You can’t save Chinatowns without addressing anti-Asian violence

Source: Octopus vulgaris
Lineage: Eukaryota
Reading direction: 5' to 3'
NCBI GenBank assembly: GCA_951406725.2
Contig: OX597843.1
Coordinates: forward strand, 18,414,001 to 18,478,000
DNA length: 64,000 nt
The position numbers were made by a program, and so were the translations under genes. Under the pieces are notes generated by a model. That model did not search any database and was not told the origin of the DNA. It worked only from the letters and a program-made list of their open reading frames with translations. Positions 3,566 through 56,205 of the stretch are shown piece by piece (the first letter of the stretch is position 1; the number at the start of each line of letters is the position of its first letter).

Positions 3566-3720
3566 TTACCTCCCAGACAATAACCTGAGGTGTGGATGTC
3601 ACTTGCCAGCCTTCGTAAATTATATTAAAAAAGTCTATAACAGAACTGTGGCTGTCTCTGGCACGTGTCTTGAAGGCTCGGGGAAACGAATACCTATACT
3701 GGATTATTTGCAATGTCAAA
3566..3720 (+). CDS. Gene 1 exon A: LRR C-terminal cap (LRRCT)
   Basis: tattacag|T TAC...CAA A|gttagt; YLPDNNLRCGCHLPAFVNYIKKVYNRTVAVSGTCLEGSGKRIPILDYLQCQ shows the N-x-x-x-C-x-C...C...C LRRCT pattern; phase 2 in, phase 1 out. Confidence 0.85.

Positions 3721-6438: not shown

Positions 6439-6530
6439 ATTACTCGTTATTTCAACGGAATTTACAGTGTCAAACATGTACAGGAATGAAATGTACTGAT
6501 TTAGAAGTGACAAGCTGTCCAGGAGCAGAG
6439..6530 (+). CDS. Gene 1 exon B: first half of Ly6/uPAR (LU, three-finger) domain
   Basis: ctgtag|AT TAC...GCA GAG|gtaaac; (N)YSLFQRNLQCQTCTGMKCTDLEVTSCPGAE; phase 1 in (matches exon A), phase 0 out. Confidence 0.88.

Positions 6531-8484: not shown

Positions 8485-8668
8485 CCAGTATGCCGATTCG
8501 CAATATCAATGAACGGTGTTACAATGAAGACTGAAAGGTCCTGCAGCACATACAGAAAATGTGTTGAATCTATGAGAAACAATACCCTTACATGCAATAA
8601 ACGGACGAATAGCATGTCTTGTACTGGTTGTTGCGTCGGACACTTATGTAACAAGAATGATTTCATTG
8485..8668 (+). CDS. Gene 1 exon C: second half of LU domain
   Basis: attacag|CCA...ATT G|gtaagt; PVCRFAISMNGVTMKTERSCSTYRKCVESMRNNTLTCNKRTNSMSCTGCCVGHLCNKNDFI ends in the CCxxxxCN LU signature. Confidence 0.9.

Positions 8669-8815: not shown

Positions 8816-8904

It’s ironic but not surprising that recent attacks against Asian elders are happening simultaneously with “save Chinatown” efforts, Jenny G. Zhang wrote for Eater. For people who live outside these communities, their relationships to Chinatowns often revolve around consumption—in the form of photographs, cultural experiences, and food and drink. “Americans may love Chinese food, but they don’t love the people who make it. … They treat Chinatowns like playgrounds,” wrote Zhang. Since the beginning of the Covid-19 pandemic one year ago, many Chinese people and those mistaken for them have experienced anti-Asian attacks. Asians are often perceived as one unidentifiable foreign mass, the homogenous “Other,” with “each distinct ethnicity erased or weaponized depending on whatever’s convenient at the time.” Zhang said the efforts to save Chinatowns by patronizing their restaurants is a well-intentioned but short-term approach to a longer uphill battle in combating anti-Asian discrimination in this country.

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